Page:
As the backlash against Griffin continues, many on social media have pointed out what they see as a double standard.
A few times within the past several years, a well-known conservative activist got in hot water over hateful comments about former president Barack Obama. In those instances, though, there was no image of a bloody head; just Ted Nugent's pointed words, some of which prompted a Secret Service investigation. Trump would later host the hard rocker at the White House — a recent memory that many on Twitter brought up in the aftermath of Griffin's controversial post.
Their cumulative sentiment: Both spewed hatred. Griffin was punished for it. Nugent became a White House guest.
Nugent, a gun rights activist, is known for his heated remarks about Obama that stretch back to at least 2007, when the former president was competing against Hillary Clinton for the Democratic presidential nomination. Nugent went on a rant onstage during a concert and said vile things about both Obama and Clinton, using expletives to refer to both.
Five years later, Nugent made an impassioned plea for support for then-Republican presidential candidate Mitt Romney during a National Rifle Association Conference in St. Louis. At that time, Obama was running for reelection.
“We need to ride into that battlefield and chop their heads off in November,” he said of the Obama administration in April 2012. He added: “If Barack Obama becomes the next president in November, again, I will either be dead or in jail by this time next year.”
Nugent said he was simply trying to excite voters. But the Secret Service nevertheless asked to talk to him so he could explain his comments. A Secret Service spokesman confirmed the investigation at that time but declined to give details.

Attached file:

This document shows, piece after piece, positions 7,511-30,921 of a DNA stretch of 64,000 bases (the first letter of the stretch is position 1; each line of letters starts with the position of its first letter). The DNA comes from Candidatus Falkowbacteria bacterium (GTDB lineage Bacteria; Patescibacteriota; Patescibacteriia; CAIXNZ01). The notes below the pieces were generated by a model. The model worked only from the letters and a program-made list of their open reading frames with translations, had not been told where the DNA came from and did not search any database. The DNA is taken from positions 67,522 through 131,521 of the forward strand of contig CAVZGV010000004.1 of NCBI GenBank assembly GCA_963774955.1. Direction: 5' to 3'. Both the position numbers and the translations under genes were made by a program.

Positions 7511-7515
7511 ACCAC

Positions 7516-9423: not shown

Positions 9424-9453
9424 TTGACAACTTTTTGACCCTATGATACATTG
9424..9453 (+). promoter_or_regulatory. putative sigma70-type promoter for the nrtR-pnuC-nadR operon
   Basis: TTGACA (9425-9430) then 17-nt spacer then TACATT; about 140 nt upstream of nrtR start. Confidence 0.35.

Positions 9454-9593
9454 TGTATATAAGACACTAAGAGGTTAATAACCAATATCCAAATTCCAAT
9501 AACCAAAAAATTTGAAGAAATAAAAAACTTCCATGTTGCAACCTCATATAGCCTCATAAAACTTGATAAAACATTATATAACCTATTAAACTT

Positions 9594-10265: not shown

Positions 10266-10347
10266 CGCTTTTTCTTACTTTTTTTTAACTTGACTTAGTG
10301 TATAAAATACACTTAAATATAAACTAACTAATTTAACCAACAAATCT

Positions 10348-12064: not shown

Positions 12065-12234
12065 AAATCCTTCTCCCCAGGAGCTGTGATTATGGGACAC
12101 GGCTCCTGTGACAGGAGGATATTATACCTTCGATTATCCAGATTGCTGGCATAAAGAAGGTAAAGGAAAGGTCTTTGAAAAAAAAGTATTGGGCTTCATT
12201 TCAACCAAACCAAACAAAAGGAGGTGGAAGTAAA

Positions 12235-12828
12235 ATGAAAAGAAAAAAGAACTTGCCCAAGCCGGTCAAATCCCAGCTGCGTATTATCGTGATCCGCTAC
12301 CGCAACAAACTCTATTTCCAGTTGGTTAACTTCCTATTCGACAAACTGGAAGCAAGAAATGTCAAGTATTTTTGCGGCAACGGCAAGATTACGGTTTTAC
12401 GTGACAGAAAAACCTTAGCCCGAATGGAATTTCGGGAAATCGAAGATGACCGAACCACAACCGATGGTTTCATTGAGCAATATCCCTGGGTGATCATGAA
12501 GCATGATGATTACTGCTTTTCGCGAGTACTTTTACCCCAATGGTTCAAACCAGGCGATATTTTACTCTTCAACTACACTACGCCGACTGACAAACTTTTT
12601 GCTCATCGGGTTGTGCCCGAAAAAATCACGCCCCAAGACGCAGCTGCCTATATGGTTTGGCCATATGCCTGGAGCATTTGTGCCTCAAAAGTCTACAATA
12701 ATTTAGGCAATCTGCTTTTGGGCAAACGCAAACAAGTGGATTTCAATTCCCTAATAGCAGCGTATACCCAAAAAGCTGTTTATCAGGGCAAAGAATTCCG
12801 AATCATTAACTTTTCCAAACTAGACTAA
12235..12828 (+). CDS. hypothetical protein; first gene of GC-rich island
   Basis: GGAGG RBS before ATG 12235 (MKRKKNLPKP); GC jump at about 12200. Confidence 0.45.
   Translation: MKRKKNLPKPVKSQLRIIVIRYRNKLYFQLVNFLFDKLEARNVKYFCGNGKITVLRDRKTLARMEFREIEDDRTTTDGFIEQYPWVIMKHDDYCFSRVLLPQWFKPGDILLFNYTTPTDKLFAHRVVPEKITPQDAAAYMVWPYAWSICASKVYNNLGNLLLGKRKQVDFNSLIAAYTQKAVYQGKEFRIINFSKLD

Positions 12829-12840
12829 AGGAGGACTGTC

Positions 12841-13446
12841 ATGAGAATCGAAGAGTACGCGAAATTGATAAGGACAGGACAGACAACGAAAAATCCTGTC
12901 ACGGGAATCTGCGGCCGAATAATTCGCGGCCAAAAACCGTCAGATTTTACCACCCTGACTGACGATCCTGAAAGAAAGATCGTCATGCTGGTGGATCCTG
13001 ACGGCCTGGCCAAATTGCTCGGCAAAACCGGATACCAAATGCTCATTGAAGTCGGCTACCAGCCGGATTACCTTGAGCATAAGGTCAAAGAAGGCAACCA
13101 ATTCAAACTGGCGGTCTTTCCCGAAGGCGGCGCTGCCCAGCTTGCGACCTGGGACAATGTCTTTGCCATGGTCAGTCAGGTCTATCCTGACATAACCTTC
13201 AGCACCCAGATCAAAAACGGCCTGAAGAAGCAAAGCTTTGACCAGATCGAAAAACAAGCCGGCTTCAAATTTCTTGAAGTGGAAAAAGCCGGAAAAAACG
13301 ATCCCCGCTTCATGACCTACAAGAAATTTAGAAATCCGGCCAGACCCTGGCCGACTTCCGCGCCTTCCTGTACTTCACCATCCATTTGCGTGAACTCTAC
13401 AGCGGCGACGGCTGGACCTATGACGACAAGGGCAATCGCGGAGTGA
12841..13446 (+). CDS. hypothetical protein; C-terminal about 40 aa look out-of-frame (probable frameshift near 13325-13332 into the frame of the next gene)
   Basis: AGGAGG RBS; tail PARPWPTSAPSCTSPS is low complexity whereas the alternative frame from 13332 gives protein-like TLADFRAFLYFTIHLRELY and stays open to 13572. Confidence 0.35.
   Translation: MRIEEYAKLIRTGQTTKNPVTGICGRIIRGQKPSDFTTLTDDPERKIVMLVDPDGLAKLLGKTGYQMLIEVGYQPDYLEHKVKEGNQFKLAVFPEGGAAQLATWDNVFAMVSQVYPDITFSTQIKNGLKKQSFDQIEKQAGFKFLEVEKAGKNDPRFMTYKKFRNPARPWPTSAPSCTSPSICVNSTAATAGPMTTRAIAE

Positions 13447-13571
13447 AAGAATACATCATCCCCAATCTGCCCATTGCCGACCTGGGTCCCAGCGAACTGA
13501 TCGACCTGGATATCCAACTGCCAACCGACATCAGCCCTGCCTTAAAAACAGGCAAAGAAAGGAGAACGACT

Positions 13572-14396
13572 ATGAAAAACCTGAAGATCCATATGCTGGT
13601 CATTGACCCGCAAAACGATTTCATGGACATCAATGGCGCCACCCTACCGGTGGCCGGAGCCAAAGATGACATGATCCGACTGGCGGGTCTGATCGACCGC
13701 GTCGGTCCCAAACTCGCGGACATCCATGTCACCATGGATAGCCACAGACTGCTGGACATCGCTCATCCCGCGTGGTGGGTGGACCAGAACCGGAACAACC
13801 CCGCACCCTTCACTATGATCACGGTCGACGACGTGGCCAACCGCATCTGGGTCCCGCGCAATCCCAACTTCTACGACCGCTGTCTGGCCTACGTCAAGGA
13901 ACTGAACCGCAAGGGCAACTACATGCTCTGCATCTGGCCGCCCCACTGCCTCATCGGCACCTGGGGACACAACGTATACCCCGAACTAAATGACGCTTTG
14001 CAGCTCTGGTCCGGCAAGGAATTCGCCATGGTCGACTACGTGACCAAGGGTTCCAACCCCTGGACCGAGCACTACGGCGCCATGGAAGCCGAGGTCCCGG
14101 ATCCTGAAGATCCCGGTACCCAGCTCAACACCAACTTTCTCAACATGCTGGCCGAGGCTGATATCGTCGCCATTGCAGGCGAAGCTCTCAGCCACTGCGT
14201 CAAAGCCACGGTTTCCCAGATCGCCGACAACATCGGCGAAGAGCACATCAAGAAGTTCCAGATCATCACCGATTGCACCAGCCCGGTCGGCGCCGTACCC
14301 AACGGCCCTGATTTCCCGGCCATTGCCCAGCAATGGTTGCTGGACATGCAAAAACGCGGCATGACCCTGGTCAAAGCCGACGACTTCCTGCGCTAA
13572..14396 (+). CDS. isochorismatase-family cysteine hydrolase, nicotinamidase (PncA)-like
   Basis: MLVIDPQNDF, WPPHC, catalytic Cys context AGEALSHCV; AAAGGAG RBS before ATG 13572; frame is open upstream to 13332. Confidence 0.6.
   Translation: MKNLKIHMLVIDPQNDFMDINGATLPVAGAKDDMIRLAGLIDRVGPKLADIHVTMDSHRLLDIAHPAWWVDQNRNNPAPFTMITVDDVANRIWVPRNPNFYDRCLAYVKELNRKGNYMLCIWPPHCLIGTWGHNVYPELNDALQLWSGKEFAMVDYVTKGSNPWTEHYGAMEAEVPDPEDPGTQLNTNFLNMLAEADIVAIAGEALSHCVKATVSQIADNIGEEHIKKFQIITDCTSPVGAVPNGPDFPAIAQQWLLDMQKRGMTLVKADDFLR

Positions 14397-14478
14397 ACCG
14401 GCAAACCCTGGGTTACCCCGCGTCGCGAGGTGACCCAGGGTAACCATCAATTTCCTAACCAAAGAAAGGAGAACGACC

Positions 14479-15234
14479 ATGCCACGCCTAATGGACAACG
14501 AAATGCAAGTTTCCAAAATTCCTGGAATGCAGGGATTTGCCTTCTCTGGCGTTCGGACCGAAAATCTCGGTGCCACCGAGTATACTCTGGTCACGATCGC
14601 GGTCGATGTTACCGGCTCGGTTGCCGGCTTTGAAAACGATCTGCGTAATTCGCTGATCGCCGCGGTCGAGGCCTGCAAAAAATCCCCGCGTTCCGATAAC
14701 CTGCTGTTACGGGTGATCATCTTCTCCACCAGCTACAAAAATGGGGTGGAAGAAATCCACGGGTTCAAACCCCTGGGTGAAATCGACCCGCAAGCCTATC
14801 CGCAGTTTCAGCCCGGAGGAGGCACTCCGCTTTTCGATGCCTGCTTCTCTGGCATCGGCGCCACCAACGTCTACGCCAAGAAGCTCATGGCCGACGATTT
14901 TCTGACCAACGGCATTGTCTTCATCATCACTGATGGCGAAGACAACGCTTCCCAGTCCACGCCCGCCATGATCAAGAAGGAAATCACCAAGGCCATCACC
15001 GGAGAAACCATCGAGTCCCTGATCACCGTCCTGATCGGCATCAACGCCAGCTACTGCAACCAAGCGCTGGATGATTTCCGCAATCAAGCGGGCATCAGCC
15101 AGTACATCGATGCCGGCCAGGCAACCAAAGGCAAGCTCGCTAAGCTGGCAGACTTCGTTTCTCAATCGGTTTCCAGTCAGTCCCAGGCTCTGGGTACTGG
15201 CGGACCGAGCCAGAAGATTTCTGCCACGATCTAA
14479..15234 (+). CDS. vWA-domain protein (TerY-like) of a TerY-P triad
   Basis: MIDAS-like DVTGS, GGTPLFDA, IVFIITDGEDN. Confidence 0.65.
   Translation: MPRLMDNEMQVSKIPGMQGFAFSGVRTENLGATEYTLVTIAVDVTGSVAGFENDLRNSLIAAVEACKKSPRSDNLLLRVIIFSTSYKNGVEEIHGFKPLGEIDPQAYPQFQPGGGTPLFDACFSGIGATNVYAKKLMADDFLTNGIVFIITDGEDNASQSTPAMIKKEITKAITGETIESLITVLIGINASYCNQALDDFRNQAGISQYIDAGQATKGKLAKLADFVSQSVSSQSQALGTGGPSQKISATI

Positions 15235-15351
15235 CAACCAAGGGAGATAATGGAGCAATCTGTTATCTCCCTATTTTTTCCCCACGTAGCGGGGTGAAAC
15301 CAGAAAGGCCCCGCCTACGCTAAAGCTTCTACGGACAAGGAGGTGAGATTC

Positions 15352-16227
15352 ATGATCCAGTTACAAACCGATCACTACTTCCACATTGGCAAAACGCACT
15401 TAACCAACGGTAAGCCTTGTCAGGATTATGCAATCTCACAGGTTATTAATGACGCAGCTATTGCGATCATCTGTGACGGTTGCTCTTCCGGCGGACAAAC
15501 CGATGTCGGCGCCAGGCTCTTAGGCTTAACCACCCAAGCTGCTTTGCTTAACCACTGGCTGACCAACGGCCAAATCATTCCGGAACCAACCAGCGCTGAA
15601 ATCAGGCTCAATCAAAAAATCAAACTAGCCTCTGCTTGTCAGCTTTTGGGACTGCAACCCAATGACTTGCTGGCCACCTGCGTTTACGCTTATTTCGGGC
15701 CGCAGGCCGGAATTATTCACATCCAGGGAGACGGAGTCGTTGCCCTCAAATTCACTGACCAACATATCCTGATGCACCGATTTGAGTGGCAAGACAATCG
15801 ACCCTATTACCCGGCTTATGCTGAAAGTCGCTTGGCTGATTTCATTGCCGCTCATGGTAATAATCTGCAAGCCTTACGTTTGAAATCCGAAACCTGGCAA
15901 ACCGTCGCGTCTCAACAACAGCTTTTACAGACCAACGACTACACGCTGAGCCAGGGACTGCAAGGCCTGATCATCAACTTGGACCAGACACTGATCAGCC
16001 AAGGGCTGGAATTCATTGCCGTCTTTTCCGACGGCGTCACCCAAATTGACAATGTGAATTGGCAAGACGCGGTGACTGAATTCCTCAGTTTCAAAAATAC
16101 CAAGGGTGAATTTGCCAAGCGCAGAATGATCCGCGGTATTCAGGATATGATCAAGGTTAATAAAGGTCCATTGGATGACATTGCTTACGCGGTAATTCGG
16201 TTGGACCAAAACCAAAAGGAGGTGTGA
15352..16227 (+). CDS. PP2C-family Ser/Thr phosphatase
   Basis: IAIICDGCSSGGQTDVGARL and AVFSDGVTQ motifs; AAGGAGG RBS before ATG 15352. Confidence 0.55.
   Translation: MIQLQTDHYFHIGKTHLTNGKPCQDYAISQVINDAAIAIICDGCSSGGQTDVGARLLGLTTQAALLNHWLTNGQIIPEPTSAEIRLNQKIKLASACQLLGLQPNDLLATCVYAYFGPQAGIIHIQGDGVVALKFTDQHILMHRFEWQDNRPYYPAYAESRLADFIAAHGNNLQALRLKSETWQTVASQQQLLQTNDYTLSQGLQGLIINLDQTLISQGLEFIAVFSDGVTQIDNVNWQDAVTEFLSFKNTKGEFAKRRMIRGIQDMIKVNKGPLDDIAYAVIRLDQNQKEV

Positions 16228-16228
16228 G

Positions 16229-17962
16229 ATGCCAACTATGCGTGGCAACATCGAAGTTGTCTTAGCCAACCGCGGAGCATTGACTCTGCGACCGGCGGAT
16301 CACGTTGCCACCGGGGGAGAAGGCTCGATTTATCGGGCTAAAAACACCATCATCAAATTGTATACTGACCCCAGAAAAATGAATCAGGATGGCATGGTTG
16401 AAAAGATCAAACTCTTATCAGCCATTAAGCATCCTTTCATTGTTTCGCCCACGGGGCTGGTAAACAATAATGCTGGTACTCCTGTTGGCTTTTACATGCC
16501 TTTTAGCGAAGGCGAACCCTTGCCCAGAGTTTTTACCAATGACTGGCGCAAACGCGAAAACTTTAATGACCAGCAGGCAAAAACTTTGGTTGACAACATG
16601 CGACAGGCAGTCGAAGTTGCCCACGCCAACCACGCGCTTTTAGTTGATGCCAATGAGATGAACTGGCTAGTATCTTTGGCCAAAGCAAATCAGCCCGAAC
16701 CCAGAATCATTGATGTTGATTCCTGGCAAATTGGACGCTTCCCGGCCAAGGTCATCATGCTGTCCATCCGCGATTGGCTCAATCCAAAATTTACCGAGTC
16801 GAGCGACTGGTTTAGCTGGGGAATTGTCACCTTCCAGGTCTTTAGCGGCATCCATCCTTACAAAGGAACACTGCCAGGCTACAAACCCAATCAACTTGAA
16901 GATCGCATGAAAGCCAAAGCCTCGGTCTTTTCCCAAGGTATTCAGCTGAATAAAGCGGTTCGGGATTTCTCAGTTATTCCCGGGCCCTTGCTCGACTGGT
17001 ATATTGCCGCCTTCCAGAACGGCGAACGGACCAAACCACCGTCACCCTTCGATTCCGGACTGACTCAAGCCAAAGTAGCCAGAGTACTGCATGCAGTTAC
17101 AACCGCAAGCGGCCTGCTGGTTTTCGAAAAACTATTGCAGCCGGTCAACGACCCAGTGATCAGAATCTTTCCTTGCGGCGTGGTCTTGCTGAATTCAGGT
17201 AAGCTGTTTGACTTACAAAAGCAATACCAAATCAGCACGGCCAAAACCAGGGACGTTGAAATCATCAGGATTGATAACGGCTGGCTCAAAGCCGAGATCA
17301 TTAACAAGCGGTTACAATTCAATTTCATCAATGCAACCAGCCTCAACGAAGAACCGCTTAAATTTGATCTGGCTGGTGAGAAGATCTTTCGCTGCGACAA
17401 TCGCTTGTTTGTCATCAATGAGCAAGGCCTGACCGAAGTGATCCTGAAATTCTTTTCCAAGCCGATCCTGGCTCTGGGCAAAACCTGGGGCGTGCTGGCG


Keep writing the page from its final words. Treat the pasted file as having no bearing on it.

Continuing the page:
Two years later, during a hunting and outdoor trade show in Las Vegas in 2014, he called Obama a “communist-raised, communist-educated, communist-nurtured subhuman mongrel” and a “gangster” who weaseled his way into the presidency.
Nugent apologized for using the term “subhuman mongrel” during an interview with conservative radio host Ben Ferguson a month later. Ferguson then asked whether Nugent was directly apologizing to Obama, to which he replied, “Yes.”
But the controversial remarks didn't stop there.
In a lengthy Facebook post last year, Nugent said Obama and Clinton should be tried for treason and hanged over their handling of the terrorist attack in Benghazi, Libya.
Despite his history of making inflammatory statements, Nugent, along with former Alaska governor Sarah Palin and musician Kid Rock, became Trump's dinner guests at the White House in April. Trump had invited Palin, who brought Nugent and Kid Rock with her. Nugent posted a picture of him shaking Trump's hand as the president sat at his desk during the visit.
Natalie Jennings contributed to this report.